By |2018-10-13T12:00:49+00:00December 4th, 2017|Blog|

Urinary incontinence is the involuntary leakage of urine, often associated with sneezing, coughing, or physical exertion. In Canada, the prevalence of urinary incontinence is estimated to be 1 in 3 women and 1 in 9 men. However, 74% of people do not seek professional help because of common misconceptions.

Contrary to popular belief, urinary leakage after childbirth and/or associated with aging are NOT normal. There are many ways to manage and even cure incontinence with conservative treatment, including pelvic health physiotherapy.

Anatomy 101: The Bladder

A general awareness of bladder function and anatomy helps with understanding the symptoms of urinary incontinence. The bladder is a storage reservoir that can expand and contract as it continuously receives urine.

It sits within the pelvis and is supported by the activity of pelvic floor muscles beneath it (they act like a sling!). The walls of the bladder are compromised of three layers of muscle; they contain stretch receptors that are stimulated with filling.

Continence – What is required for full control of the bladder?

1. Healthy Nervous System

When the volume in the bladder reaches a certain point, stretch receptors signal the brain a need to urinate. In response, the brain sends a signal back to the detrusor muscle to contract and expel urine. Fortunately, a healthy nervous system allows us to perceive the need to urinate and allows us to control it until the time is appropriate.

2. Coordinated Pelvic Floor Muscle and Bladder Function

Urine exits the bladder through a tube called urethra. The opening of this tube is located within the second layer of the pelvic floor muscles, and therefore the relationship between the pelvic floor and bladder muscles is important for control of urination.

As the brain signals the bladder to contract to void, the pelvic floor muscles must relax to allow urine to pass through the urethra. During the storage phase, these muscles also work in opposition: the bladder relaxes and stretches to accommodate fluid, and the pelvic floor contracts to prevent leakage.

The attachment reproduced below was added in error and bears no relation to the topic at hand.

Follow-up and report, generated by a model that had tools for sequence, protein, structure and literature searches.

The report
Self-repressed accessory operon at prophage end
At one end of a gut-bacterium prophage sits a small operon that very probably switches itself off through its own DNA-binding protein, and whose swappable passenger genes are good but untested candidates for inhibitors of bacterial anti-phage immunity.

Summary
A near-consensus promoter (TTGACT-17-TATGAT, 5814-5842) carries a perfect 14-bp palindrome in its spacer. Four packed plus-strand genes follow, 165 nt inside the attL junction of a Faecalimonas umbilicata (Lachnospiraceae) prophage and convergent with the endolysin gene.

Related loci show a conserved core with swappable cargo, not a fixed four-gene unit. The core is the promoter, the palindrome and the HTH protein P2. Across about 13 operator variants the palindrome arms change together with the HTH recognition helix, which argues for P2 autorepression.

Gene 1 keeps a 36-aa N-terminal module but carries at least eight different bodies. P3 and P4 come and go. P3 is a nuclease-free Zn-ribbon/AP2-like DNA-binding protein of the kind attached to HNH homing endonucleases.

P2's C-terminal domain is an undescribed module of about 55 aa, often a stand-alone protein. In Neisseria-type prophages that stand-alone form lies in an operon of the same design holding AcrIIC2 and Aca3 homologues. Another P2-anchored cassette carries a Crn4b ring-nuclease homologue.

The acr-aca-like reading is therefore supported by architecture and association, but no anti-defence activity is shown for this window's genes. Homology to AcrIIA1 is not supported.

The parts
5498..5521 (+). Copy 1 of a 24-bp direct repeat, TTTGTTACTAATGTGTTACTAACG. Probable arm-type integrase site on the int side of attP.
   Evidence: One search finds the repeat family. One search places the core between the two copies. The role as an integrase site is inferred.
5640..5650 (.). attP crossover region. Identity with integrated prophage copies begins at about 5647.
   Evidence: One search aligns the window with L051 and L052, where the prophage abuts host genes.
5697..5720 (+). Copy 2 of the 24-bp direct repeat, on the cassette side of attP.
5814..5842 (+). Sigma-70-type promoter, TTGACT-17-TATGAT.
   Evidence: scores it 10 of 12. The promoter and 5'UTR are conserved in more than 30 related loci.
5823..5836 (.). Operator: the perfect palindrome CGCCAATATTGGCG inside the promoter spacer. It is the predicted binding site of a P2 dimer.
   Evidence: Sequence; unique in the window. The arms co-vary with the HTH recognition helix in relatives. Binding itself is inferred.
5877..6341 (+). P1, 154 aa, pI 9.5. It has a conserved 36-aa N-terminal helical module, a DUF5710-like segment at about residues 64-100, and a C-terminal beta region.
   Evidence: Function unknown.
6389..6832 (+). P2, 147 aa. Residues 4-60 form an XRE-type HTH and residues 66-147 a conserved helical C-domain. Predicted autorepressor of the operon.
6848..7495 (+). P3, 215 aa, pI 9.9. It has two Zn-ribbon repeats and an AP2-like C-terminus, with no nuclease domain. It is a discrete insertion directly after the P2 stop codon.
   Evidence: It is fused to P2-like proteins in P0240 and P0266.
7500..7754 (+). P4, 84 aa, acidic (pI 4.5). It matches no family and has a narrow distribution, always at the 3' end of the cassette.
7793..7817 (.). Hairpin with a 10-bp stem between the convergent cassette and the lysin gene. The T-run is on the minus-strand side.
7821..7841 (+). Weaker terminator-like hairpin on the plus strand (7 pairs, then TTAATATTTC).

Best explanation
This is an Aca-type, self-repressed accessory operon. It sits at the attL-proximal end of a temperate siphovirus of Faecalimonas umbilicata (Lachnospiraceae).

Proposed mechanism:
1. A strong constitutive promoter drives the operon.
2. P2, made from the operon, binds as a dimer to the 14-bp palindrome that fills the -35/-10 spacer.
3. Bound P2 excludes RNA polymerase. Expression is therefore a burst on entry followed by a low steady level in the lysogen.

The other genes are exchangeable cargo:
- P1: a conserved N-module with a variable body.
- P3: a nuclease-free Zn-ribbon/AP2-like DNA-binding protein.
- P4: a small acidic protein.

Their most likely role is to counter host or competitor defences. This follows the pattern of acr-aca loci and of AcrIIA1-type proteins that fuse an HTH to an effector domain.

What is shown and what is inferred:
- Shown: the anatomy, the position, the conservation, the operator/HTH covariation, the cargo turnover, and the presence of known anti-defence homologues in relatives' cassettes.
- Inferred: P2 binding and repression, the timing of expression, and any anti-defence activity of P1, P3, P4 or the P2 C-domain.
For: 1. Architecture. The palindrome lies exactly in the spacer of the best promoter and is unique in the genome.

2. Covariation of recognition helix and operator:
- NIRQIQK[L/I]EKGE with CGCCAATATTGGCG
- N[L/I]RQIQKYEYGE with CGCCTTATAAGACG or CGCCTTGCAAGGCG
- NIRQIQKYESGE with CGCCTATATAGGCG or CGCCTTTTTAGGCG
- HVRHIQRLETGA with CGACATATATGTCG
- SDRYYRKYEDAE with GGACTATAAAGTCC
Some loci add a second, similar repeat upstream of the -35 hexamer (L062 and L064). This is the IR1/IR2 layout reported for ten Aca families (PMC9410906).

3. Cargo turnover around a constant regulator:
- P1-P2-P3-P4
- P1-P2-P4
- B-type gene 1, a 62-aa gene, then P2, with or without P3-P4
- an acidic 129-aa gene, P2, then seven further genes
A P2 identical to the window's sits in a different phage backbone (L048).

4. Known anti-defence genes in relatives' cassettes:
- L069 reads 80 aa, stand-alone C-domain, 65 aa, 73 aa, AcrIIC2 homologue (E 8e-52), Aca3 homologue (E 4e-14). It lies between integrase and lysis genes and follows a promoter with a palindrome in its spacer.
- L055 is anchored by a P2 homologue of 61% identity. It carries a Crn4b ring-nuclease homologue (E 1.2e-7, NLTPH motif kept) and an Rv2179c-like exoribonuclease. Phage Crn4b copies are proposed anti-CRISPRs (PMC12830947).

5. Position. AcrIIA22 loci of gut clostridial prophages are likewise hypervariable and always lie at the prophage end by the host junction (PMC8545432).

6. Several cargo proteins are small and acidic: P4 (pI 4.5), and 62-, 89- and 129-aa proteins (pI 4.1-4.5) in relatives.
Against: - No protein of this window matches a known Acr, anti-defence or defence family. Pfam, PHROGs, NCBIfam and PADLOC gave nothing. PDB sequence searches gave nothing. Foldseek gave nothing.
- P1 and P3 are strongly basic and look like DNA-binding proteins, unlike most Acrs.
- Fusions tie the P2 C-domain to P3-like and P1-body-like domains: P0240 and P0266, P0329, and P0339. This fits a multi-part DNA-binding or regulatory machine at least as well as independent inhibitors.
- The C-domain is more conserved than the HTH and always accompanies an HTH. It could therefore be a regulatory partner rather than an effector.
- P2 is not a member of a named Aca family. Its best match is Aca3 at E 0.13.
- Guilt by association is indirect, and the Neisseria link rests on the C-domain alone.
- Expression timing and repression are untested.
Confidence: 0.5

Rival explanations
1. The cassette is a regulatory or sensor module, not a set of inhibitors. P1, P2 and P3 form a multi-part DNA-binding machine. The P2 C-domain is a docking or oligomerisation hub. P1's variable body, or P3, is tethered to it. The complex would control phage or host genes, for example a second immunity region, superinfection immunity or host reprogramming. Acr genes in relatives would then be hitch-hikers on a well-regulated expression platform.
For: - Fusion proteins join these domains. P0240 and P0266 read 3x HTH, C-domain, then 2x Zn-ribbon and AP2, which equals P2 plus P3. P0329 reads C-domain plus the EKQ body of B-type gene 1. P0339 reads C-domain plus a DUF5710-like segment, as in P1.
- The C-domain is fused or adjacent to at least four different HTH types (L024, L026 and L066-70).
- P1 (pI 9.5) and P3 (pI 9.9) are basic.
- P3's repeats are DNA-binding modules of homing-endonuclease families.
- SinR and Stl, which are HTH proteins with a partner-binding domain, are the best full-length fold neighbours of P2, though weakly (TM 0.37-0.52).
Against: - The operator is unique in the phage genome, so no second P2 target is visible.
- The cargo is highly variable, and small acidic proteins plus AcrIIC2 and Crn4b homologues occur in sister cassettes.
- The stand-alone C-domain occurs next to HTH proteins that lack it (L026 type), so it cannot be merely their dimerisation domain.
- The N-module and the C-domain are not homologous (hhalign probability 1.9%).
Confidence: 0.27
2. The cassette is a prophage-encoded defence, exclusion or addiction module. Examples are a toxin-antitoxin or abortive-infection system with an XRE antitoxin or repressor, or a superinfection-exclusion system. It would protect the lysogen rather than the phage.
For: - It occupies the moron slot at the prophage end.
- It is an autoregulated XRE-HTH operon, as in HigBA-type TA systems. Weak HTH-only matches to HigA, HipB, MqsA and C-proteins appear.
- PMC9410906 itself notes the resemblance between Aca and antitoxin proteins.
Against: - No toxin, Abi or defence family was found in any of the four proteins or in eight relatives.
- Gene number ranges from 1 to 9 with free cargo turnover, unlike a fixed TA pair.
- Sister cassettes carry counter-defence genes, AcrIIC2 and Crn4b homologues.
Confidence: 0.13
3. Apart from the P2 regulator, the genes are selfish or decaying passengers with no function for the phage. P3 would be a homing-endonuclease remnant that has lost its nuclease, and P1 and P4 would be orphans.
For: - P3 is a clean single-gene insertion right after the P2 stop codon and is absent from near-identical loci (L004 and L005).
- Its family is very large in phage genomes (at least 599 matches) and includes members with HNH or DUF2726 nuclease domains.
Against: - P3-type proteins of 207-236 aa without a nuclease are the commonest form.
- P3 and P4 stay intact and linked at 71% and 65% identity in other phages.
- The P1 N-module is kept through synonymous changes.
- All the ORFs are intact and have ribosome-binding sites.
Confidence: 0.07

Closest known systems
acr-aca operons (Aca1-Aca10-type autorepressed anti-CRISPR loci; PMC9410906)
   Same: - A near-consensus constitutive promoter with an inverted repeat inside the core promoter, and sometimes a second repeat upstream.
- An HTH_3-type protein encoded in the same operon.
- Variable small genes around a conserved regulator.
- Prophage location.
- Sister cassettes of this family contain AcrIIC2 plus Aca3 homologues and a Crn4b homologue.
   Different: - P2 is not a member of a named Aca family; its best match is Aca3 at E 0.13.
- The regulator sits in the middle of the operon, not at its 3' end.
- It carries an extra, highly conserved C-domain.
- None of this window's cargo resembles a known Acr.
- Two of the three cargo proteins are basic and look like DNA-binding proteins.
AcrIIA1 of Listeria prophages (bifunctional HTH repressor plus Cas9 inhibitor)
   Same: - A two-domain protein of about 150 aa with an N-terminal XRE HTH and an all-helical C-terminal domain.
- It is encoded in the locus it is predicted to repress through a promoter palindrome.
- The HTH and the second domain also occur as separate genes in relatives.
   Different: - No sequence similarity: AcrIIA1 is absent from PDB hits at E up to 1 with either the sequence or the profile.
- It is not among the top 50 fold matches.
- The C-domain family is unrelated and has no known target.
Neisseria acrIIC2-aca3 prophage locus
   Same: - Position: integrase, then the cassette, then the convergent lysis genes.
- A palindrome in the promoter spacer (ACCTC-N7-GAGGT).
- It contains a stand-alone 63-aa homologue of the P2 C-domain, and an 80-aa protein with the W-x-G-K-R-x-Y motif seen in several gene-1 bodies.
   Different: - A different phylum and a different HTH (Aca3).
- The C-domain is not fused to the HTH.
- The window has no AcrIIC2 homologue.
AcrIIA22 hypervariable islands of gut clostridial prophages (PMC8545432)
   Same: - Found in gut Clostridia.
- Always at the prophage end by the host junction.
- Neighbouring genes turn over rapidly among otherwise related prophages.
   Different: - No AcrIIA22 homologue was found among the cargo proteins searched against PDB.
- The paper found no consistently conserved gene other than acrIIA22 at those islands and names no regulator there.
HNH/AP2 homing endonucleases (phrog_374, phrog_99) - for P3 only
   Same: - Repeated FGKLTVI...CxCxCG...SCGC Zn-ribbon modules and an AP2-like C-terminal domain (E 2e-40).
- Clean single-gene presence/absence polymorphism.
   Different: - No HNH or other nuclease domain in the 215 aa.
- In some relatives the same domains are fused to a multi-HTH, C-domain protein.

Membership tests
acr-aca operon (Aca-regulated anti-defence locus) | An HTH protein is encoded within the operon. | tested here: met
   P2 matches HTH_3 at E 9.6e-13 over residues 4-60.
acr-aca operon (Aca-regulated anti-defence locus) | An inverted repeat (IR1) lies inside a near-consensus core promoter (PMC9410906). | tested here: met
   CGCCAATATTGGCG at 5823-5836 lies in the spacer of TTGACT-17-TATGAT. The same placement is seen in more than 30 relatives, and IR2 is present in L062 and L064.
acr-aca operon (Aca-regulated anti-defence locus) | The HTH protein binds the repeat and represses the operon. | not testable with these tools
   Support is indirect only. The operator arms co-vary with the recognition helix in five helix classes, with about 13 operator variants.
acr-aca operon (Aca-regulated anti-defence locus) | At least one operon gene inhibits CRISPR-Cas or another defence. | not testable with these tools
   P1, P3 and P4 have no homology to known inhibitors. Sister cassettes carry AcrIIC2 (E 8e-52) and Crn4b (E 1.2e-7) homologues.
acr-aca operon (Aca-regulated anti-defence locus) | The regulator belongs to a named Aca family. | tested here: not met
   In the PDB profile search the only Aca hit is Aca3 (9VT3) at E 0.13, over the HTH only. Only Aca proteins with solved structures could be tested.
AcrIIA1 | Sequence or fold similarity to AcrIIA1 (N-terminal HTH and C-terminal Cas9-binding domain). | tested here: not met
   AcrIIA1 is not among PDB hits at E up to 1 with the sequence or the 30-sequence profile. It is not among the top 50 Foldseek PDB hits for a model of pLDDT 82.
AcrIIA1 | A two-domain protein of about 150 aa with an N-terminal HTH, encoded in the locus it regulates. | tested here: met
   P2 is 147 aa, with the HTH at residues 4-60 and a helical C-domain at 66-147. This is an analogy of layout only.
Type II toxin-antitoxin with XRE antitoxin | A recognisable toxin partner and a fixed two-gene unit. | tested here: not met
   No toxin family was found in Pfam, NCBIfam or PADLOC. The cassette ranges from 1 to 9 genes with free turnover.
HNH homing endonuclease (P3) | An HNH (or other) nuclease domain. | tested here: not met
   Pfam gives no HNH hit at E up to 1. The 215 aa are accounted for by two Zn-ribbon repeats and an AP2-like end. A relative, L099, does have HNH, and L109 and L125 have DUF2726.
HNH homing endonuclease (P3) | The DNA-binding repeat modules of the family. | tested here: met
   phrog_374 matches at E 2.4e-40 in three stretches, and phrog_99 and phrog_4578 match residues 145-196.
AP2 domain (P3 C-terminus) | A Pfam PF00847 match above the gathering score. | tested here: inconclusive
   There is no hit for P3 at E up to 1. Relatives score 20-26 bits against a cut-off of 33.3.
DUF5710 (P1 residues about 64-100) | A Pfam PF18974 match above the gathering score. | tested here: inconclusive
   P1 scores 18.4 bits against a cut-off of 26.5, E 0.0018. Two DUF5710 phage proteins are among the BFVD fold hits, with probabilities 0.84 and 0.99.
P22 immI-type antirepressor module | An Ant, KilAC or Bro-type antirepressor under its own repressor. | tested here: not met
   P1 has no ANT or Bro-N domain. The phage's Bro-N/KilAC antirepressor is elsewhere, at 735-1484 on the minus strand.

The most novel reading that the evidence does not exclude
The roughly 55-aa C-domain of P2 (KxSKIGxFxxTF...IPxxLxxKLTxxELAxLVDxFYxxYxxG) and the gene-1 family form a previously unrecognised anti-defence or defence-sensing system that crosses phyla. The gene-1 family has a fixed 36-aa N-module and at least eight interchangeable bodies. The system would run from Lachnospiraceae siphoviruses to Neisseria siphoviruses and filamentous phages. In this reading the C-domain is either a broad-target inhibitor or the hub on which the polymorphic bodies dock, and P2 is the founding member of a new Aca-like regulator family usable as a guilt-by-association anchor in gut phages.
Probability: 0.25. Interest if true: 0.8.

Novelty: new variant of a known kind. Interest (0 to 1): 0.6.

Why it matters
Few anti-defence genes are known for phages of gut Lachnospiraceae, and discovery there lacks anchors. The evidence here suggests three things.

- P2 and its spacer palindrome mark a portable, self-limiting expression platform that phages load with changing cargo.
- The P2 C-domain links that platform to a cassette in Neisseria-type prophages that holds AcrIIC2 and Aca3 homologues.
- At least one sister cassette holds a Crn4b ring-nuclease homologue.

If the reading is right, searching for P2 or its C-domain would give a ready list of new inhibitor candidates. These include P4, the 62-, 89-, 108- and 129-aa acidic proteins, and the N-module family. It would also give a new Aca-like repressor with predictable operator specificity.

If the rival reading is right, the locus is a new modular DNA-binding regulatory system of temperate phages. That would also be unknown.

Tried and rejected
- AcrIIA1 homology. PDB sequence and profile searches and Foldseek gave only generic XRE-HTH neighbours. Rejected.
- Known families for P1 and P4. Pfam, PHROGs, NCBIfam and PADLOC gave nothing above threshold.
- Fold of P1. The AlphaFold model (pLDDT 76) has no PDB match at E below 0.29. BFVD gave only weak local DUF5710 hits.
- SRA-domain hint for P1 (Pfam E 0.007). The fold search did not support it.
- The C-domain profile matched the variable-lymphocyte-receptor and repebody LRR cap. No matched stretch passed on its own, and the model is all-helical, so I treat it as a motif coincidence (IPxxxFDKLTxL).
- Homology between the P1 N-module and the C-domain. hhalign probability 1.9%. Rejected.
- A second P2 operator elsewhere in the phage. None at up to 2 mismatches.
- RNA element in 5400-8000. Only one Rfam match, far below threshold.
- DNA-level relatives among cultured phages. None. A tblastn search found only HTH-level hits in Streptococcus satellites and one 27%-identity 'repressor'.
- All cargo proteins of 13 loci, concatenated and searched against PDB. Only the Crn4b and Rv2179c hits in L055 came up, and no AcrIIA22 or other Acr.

Different causes of incontinence include:

  • Aging process (weakening of bladder muscles)
  • Childbirth: Damage to the pelvic floor muscles during vaginal delivery or with added weight of growing baby; Organ prolapse; Hormonal changes
  • Neurological dysfunction (impaired function of the brain, spinal cord and/or spinal nerves to and from the bladder)
  • Other: Side effects of medication or pelvic/low back/hip surgery, bladder cancer, birth defects, behavioral, etc.

Daily Tips to Improve Bladder Health:

1. Visit the washroom 6-8 times over 24 hours.

  • It is NOT normal to go every 30 minutes or during the night (*1visit/night is considered normal if over 55 years old).
  • Avoid going to the washroom “just in case” as this can lead to a reduction in the bladder’s storing capacity.

2. Practice pelvic floor exercises to increase structural support to the bladder.

  • Remember: stronger pelvic floor muscles = stronger force of bladder/urethra closing to prevent unwanted leakage!
  • Do NOT practice these exercises on the toilet as it can interfere with the important brain reflexes!
  • Do NOT hold your breath or squeeze surrounding muscle groups (buttocks).

3. Ensure good toilet posture.

  • Feet flat on the floor, lean forwards with elbows on knees.

4. Avoid or minimize bladder irritants including alcohol, caffeine, tea, spicy foods, artificial sweeteners and carbonated beverages.

5. Drink adequate water to improve bladder control.

  • Many people with bladder control issues decrease water intake. This decreases the volume of urine, BUT the smaller amount is often highly concentrated and irritating to the bladder lining.
  • Sip water throughout the day (avoid guzzling).

6. Visit a Pelvic Health Physiotherapist if you are suffering from bladder urgency, frequency or incontinence symptoms. They can assess your bladder habits and pelvic floor function to assist you in making changes to improve your overall health and wellbeing!

Our pelvic health physiotherapists provide professional, compassionate and evidence-based care in the assessment, diagnosis and treatment of women and men experiencing pelvic pain and incontinence.

We treat women and men of all ages with a wide range of urinary incontinence symptoms. Contact SEMI to schedule a consultation with one of our qualified pelvic health physiotherapists today!

About: Dr. Douglas Stoddard is a sports medicine physician and is the Medical Director of the Sports & Exercise Medicine Institute (SEMI). After receiving his medical degree from the University of Toronto, he trained in Australia at the Australian Institute of Sport in Canberra, obtaining his Master Degree in Sports Medicine. He is also a diplomat of the Canadian Academy of Sport and Exercise Medicine and has his focussed practice designation in Sport Medicine from the Ontario Medical Association. Dr. Stoddard is a consultant to the Canadian Military and has consulted with well over 30,000 unique patients in his career. Dr. Stoddard is constantly searching for new and promising therapies to help SEMI patients, and is responsible for developing the RegenerVate Medical Injection Therapy Program. He is married and the proud father of two boys, is an avid triathlete and occasional guitar player.

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